“Get started with what?” Rush asked.


“Decorating,” Young said, like he wasn’t sure how to feel about the idea.


“Yes, I put him in charge of the decor,” Vala said. “I mean, you’ve seen his office.”


“I haven’t, actually,” Rush said.


“It’s full of bones and jewels and precious metals and treasure maps,” Vala said. “Everything a girl wants at a party.


“Jackson,” Young shouted from the doorframe. “She says get started.”


“Come, handsome. Pull up a chair. Give us the news from the living room.”


Young snorted. “You guys are missing quite the show. Eli’s making everyone Astria Porta characters.”


“Everyone?” Vala asked, vaguely hurt. “I want one.”


“Don’t think that’s gonna be a problem,” Young said. “I’ll put your name in the ring.”


“Please tell me he finished mine.” Rush took a sip of wine that tasted of white peach and flint, chalk and honeysuckle.


“Yup. Sorry hotshot. You’re a Galactic Sprite. He made the twig hair look mostly okay. Turned the flowers white. It's not as bad as it could be.”


Rush rolled his eyes. “Wonderful.”


“You’re like a space-time bender or something. It’s got a better name. Mystical spinning? It’s like—good for transit and, um, Shep seems to think it’ll fill out a gap in A-team battle tactics. Like intra-mele portals’ll give better battlefield control. I guess once you level enough, you can shear enemies apart under duress but you take a ‘spiritual hit’? No weapons. No armor, but the team’s got some high-end gear that’ll up your evasiveness.”


“What a relief,” Rush said dryly. “What’s your character? Some heroic, gun-toting human, no doubt.”


“I don’t have one,” Young said. “I recused myself from Shep’s tiers.”


“There are tiers?” Vala asked. “What tier am I?”


“C-tier.”


C-tier.” Vala caught Rush’s expression, scandalized.


“Unacceptable,” Rush announced in dry solidarity.


“Hold your horses,” Yougn said. “A-tier is: Shep, McKay, someone named ‘Teyla’, Eli, and Rush. B-tier is: Ronon, Radek Zelenka, Greer, James, and Ginn. C-tier is SG-1.”


Vala sniffed. “Not sure why SG-1 would be C-tier anything.”


Young raised a hand, palm out. “Take it up with Shep and Eli. I’m just the messenger.”


“What’s the prettiest thing to be? Tell Eli that’s what I want.” Vala pitched her de-veined shrimp into a boiling pot on the stove.


“Prettiest is gonna be half-promethean, half-sprite, I bet. But I’ll let the intern take you through the options.”


“I like the sound of that,” Vala said. “A few native flowers in my long, flowing hair?” Rush glanced at her and saw her face tipped up, smiling to herself as she set the microwave timer with wet eyes, her expression hopeful, grateful, cut to pieces with the pain of living.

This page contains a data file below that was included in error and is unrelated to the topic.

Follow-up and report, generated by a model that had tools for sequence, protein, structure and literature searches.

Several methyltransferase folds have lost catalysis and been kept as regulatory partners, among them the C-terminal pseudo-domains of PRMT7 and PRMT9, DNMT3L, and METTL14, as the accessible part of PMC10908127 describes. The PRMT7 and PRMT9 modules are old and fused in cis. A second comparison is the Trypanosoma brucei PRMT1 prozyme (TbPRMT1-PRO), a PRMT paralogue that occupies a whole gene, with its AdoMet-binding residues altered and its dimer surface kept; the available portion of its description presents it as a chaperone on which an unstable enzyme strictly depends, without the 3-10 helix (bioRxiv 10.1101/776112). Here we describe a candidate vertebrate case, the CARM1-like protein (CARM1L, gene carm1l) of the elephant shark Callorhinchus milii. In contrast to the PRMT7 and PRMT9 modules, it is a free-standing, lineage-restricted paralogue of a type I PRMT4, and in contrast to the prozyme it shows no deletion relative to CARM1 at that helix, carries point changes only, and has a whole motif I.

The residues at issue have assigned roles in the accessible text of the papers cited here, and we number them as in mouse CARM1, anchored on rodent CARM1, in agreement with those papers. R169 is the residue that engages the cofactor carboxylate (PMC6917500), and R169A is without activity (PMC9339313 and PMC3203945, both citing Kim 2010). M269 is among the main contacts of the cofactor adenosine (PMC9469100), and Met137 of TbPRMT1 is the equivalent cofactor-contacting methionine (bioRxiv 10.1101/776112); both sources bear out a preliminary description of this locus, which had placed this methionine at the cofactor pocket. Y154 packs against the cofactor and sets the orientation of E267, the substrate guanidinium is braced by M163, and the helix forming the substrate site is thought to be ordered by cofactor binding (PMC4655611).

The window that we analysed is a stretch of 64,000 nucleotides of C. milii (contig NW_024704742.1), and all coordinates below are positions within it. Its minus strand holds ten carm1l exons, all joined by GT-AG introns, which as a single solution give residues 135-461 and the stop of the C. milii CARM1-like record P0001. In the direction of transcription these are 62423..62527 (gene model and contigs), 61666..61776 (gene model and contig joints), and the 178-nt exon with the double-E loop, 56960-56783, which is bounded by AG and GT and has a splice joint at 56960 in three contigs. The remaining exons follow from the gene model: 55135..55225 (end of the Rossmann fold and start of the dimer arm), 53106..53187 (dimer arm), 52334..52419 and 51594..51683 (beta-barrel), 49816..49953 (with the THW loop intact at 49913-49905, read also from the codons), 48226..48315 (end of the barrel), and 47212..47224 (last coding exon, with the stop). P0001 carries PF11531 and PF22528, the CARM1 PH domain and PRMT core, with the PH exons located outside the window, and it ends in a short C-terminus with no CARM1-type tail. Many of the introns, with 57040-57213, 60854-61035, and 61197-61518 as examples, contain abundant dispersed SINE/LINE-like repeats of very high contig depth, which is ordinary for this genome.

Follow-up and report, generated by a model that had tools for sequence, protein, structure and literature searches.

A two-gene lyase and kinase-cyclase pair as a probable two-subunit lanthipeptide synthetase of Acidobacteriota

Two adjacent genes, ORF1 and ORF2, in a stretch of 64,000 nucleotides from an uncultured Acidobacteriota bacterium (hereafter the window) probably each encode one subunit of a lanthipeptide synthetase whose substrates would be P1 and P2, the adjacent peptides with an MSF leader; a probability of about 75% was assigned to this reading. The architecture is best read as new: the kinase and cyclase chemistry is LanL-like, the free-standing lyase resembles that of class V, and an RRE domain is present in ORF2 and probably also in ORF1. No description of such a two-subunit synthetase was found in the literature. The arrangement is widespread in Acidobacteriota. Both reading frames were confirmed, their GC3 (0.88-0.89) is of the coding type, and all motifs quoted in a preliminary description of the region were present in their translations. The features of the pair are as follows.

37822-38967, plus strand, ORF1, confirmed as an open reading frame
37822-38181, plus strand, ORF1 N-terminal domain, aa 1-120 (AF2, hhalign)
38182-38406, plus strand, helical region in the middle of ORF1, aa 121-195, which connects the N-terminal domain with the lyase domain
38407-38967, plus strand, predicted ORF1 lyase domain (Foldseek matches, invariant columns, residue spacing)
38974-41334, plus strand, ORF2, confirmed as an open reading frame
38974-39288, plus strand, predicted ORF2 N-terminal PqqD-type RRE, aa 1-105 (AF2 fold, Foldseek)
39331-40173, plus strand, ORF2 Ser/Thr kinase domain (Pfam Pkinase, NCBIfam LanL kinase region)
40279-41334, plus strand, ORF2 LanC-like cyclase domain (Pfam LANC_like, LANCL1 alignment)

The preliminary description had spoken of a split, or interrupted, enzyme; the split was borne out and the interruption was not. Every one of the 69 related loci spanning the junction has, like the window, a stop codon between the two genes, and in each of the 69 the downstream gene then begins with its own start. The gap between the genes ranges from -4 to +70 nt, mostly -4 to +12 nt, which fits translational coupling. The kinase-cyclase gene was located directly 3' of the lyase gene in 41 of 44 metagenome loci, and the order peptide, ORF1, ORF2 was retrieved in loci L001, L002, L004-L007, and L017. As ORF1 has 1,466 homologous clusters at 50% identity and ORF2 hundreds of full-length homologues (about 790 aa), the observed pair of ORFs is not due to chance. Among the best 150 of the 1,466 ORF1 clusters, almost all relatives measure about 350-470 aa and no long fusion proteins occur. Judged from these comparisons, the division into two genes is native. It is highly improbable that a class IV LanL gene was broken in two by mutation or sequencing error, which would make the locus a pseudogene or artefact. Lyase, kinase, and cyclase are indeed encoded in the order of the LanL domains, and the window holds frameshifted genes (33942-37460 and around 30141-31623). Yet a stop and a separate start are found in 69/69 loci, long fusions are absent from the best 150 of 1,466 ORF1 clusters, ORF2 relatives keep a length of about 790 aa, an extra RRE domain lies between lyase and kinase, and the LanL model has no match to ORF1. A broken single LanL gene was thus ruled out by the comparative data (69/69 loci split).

He looked back to the dates under his hands and tried to imagine the kind of life that might carve a person like her. Found he couldn’t do it.


“Go boss Jackson around and get off that leg,” Young growled, full of gruff solicitude. “Dinner party’s gonna be real short if you re-splinter that femur before you’ve put in enough time with that healing device.”


Rush finished his pile of dates, located a mixing bowl, filled it with ice, and added cold water. He stepped to Vala’s shoulder and took her slotted spoon. “Go,” he murmured. “Keep Jackson in line.”


Vala picked up her wine, leaned into her crutch and smiled over her shoulder. “I’ll be back in thirty minutes.”


“Make it forty-five,” Rush said. “The colonel, I’m certain, can handle some bacon-wrapped dates.”


“You bet,” Young said, all false bravado and flustered charm.


Young watched Vala leave the kitchen. Once she’d gone, he turned to Rush. “You know I can’t handle ‘bacon-wrapped dates,’ right?”


Rush gave the cooking shrimp a stir. “No?” He braced a hip against the kitchen counter and looked at Young. “What makes you so sure?”


“Hotshot, on a good day I can char meat over a fire. That pretty much covers it.”


“That’s no way to live.” Rush took a sip of wine and tried not to smile.


“Fair enough,” Young said.


Rush left the shrimp, crossed to the refrigerator, and found a block of goat cheese. He handed it to Young. “Twenty-four pieces, please. Small enough to fit.” He indicated his bowl of perfectly pitted Medjool dates, then stepped back to the pot as Vala’s timer sounded and started transferring shrimp to his bowl of icewater.


“No problem.” Young searched drawers like he didn’t know his way around his own kitchen.


Wordlessly, Rush handed the man his own kitchen scissors.